Since I arrived, the weather has been fantastic in San Francisco and the sky an amazing blue, but I’m not going to blog about the Californian climate.
First of all, JavaOne is very special for us this year because Jason is going to speak at the conference tomorrow. He is going to talk about profiling and tuning enterprise Java applications using Quest’s JProbe and Performasure. It’s a pity I forgot to bring a camera but I’ll use my mobile phone to take a few pictures. I’m not sure how many Irish companies had the opportunity and the priviledge to present at the biggest Java conference in the world but not even a handful I presume. We’re proud to be here.
Like last year, there was a big queue at the entrance of the Moscone Center in the morning. Last year I had to go 180 degrees around the block (I’m not exaggerating) to queue up (or to get in line as they say here), this year we only had to do 90 degrees… quite an improvement.
The size of the general session hall was impressive. There were thousands of Java developers who came to attend the opening of JavaOne 2006. My first impression was: JavaOne is going to be very big this year. There was a pleasant music played by a live band for a while and it lasted until a major part of the hall was full. Then the first of the 188 sessions started.
Single biggest question/discussion topic before this year’s JavaOne had been whether Sun would open source Java or not. Sun’s new executive VP of Software, Richard Green’s answer was very smart and politically correct. He said “It’s not a question of whether but how”. Immediately after this announcement, they displayed a slide that showed a sign saying “Come in we’re open”. There’s always been a big debate about open sourcing Java. I, personally, am not so convinced that it’s a good idea. Or, let’s say, I think that it should not be done without thinking carefully. That’s what I liked in Sun’s answer to this question. It’s going to happen but they have to find the best way to realize it.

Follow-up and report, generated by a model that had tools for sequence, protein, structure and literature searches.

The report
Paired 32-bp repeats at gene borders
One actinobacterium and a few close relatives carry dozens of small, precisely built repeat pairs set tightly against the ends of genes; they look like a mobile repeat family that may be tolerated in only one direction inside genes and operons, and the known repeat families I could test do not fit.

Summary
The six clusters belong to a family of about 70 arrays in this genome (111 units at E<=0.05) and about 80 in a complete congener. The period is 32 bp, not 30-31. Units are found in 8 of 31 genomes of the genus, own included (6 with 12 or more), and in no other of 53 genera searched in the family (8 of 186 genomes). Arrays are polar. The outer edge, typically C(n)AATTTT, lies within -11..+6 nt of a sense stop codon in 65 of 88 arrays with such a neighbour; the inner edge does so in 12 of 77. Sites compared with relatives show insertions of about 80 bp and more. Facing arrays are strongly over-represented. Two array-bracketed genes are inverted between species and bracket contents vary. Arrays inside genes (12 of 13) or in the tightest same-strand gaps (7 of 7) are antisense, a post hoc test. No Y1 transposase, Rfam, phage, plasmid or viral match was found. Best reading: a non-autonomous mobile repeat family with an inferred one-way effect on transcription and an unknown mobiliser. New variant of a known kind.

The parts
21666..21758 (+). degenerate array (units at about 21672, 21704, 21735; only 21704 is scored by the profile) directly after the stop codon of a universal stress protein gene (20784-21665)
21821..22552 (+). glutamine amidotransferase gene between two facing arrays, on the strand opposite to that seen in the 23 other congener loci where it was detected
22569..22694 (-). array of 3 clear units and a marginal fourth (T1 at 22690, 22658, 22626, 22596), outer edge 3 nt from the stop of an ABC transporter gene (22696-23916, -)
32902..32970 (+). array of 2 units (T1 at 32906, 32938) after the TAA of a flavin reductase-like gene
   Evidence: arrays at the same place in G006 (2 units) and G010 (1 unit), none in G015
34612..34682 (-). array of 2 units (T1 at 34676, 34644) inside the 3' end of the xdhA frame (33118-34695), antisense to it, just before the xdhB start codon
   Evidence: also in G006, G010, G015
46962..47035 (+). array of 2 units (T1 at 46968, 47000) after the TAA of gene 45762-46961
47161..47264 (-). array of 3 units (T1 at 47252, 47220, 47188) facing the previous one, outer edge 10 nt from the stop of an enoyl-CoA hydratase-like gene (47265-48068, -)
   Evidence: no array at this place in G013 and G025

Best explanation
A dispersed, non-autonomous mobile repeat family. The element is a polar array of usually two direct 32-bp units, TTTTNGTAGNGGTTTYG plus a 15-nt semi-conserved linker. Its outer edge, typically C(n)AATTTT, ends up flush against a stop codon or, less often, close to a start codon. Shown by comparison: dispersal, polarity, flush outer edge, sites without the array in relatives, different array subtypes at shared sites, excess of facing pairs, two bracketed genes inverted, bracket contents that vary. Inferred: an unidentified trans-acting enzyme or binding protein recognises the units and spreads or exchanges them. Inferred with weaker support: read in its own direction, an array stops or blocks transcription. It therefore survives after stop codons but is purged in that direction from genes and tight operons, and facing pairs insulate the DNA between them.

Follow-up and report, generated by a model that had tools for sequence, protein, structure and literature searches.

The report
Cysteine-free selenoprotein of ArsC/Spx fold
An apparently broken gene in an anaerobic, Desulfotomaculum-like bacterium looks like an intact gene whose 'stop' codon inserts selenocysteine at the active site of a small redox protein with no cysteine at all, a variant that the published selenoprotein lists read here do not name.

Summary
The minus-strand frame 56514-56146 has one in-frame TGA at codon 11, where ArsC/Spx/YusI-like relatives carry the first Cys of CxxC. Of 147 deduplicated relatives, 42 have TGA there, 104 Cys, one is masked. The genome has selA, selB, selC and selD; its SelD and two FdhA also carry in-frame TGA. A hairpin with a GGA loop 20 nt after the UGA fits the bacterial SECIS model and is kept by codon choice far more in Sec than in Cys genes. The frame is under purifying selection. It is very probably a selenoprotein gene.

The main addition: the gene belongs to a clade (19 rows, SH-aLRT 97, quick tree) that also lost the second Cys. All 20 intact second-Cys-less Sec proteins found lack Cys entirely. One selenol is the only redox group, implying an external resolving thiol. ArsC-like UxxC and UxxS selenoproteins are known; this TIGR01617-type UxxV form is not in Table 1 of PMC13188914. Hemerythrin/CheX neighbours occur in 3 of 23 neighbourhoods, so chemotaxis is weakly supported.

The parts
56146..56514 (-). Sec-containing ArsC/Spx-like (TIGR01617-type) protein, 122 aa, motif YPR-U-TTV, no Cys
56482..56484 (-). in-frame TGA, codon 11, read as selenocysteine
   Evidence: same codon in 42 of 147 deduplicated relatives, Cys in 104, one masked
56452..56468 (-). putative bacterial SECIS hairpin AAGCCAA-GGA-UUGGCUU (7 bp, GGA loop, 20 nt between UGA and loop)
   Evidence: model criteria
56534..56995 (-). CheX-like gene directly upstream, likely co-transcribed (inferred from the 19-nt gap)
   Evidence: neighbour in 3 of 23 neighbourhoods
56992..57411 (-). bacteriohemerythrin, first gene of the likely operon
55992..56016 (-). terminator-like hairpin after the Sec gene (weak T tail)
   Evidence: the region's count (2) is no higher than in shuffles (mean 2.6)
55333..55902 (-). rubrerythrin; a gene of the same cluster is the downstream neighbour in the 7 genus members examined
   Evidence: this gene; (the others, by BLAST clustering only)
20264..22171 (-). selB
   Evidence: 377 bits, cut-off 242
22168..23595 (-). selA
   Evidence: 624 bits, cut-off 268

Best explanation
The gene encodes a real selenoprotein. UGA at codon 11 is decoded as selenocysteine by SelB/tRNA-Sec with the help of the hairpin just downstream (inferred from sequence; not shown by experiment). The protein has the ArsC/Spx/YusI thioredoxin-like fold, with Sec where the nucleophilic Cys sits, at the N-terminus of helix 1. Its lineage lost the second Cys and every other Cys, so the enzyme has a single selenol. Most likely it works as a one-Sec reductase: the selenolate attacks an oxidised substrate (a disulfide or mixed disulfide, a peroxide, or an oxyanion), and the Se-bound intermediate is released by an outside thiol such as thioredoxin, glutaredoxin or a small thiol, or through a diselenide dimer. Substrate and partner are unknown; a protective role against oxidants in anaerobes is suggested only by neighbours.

During the remaining of the general session, there were various product demos, such as Project GlassFish with NetBeans 5.5, Sun’s Studio Creator with AJAX capabilities, Java/.NET interoperability, and so on.
It is obvious that Sun put the emphasis on their NetBeans IDE this year. It looks pretty cool. With the new Subversion support and the various extensions such as the Enterprise Pack (demoed during the session as well), I think it is going to steal some percentage of the IDE market. It felt like NetBeans was used in all the demos throughout the day.
Towards the end of the opening keynote, seeing the Pet Store application brought back bad memories about the EJB days :). However the demo was a completely revamped version using AJAX, which is one of the most popular conference topics.
We spent the rest of the day by running from one session to the other. There were veeeeery long queues to get into the popular sessions, such as “Java & REST” or “Concurrency in Java 5 & 6”. Thankfully, having prepared the schedule using the online conference planner gave us a little advantage over the people who hadn’t pre-enrolled.
I found that the session about Service Component Architecture was very confusing. It was a disappointment, really. The way that it was presented reminded me of EJBs. In some of the slides, replacing the word Service by EJB wouldn’t fell wrong.
The late BOF (Birds-Of-a-Feather) sessions continue to be very interesting. With their smaller audience, they continue to be much more interactive.
Tomorrow the day is going to start with Oracle’s General Session at 8:30. We’ll see what kind of surprises they have for us…
– Yagiz Erkan –